Why Mobile Video Streaming Implementation Is Easy
Video Streaming (Part I). Action!

Real-time Video Streaming And How It’s Done On iOS!

When you are watching a video on Youtube or enjoying a show on Netflix, you are using the video streaming technology. Since the beginning of the 20th century, the greatest minds have kept on developing new ways to deliver the media from a producer to an end-user. Both Youtube and Netflix are examples of the modern technology that requires uploaded video files in order to allow end-users to pause, stop or play the video at will. With this another technology co-exists one that we call “live-streaming”.

video-streaming-action

I heard that compression is important…

One of the core differences between these two types of media streaming is that during “live-streaming” everything happens in real-time. There are many examples out there: live broadcasts of events, concerts, and shows, Skype video calls, and, obviously, twitch.tv streams. Usually the video is being “streamed” from one device to another.

To ensure great viewer experience during live broadcasts, one thing must be reduced dramatically – latency. Latency is a delay that occurs between two users, sending and receiving. It is imperative that the end-user sees exactly what happens right instead of what happened a while ago. If the latency was too big during a Skype call, we would have had to wait for the data to reach your collocutor. The whole conversation would look more like a “video-mailing service”.

Live-streaming demands developers to be creative and use the latest technology in order to make viewer experience as rich as possible. It is important to reduce the delay, even if two users are separated by oceans. Generally, data flows through the Internet and that is why the size of data is important. Small files are delivered nearly instantly; big files travel a long time before they reach an end-user.

Media compression is very important. There is no need in streaming with the highest quality, modern compression methods allow us to compress the size of media multiple times and still get a high quality video. To put it simply, the better compression, the more viewers will be able to see the stream without delays and technical issues.

To compress a video, we need to use codecs. H.264 is a codec that is widely used to compress a video. There are software and hardware encoders, the latter is more convenient to use on handheld devices. Lesser CPU usage allows the device to work longer.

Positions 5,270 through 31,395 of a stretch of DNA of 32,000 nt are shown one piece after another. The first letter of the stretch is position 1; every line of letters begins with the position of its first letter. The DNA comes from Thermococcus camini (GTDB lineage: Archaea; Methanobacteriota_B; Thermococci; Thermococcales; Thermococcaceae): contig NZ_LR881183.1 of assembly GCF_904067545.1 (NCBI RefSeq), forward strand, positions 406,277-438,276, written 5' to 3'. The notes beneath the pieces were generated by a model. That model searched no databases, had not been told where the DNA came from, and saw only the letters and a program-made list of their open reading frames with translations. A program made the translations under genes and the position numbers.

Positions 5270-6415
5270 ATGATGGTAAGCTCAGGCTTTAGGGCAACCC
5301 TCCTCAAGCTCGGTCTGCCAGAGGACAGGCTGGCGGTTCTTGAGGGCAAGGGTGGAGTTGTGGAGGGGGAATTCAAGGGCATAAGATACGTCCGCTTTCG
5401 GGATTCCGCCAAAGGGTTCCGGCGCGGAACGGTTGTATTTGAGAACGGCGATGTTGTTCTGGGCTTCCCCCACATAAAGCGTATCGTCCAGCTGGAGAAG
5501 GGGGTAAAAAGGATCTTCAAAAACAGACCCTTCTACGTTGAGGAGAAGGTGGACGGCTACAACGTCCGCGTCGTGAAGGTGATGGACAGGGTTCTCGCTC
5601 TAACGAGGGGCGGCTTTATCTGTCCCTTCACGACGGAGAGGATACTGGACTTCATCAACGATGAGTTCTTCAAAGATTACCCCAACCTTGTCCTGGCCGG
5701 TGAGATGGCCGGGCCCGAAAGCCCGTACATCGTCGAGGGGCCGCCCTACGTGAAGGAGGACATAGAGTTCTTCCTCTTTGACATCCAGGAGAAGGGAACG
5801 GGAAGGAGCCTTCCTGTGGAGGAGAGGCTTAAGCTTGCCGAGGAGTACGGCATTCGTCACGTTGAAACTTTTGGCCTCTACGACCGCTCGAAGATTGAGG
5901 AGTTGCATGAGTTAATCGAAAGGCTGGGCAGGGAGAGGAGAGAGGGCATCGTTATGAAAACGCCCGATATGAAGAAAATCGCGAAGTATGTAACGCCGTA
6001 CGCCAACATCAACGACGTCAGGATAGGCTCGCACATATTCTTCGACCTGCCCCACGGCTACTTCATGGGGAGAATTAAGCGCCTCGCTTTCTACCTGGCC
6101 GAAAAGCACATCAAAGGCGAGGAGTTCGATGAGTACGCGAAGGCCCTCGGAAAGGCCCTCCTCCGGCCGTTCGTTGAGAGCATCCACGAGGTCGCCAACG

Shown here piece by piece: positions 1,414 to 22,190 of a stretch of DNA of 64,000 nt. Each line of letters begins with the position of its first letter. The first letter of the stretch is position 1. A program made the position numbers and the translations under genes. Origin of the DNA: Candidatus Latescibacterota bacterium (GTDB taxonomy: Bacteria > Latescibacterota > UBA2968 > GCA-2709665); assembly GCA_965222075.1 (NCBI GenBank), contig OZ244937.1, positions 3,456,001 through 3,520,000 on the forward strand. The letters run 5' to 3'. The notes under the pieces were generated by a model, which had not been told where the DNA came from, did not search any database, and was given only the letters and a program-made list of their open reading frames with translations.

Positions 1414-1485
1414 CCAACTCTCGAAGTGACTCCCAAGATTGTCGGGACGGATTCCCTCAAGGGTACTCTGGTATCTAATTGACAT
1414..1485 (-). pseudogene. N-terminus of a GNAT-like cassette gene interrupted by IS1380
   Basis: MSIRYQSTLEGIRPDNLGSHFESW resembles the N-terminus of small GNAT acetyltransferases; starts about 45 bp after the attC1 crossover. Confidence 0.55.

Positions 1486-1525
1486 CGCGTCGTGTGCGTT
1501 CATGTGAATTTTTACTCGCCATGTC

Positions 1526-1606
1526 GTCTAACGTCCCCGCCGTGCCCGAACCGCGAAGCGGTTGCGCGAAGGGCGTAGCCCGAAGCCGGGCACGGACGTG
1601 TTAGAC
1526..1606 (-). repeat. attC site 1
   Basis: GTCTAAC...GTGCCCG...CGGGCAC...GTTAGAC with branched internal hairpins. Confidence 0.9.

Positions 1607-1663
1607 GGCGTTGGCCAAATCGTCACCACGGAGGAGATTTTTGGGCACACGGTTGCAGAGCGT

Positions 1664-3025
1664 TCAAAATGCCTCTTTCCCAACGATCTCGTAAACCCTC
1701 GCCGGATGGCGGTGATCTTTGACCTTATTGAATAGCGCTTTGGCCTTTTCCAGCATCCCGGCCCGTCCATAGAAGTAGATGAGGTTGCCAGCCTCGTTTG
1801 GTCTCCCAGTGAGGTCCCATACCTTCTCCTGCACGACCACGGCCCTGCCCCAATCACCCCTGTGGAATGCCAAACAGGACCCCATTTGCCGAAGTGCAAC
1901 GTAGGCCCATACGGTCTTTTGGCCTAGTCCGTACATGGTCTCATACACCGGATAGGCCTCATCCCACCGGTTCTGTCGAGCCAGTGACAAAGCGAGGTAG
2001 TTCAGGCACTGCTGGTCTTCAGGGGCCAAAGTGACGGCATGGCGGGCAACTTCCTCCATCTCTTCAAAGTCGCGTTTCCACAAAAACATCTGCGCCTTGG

Modern iPhones and iPads support both video and audio coding on a hardware level. Up until recently, Apple has not allowed developers to use fully the potential of the hardware video encoder. The ways to implement live-streaming features in applications for iOS were limited. We, developers, had only two methods.

The first method is to use a software encoder from an external library; an encoder like ffmpeg, for example. This method has multiple downsides:

  • Huge CPU load;
  • Extensive power usage;
  • High hardware requirements.

Here is a simple example: to compress a video in 360p with such a method, you need 100% of the CPU resources on iPhone4.

The second method is based on accessing a hardware encoder. One of the biggest downsides of this method was that developers had no direct access to the encoded frames. In order to use this method, we have to work with several small encoded pieces. The whole process requires splitting and saving files as well as reading them right after. Such a complicated compression takes up for a while before streaming!.. It is unacceptable for live-streaming.

Glory to Apple!

After the release of iOS8, Apple presented Video Toolbox Framework, a set of tools that allows developers to directly access hardware video encoder. This instrument can encode video in real-time. This library allows us to improve video compression while lowering energy consumption and prolonging the battery life.

This library is easy-to-use yet creates some obstacles for a developer. Firstly, there is not enough information about the instrument. Secondly, video compression requires additional coding. Overall, making a live-streaming feature is still a tricky task.

One of the most important tasks of our team was to simplify the whole process of creating media streaming features for iOS applications. We wrapped together a couple of software solutions that will prepare videostreams for broadcasting and we want to take Video Toolbox Framework to its limits!

Read more about Video Streaming here:

Vladimir Predko

Vladimir Predko
iOS Developer
*instinctools EE Labs

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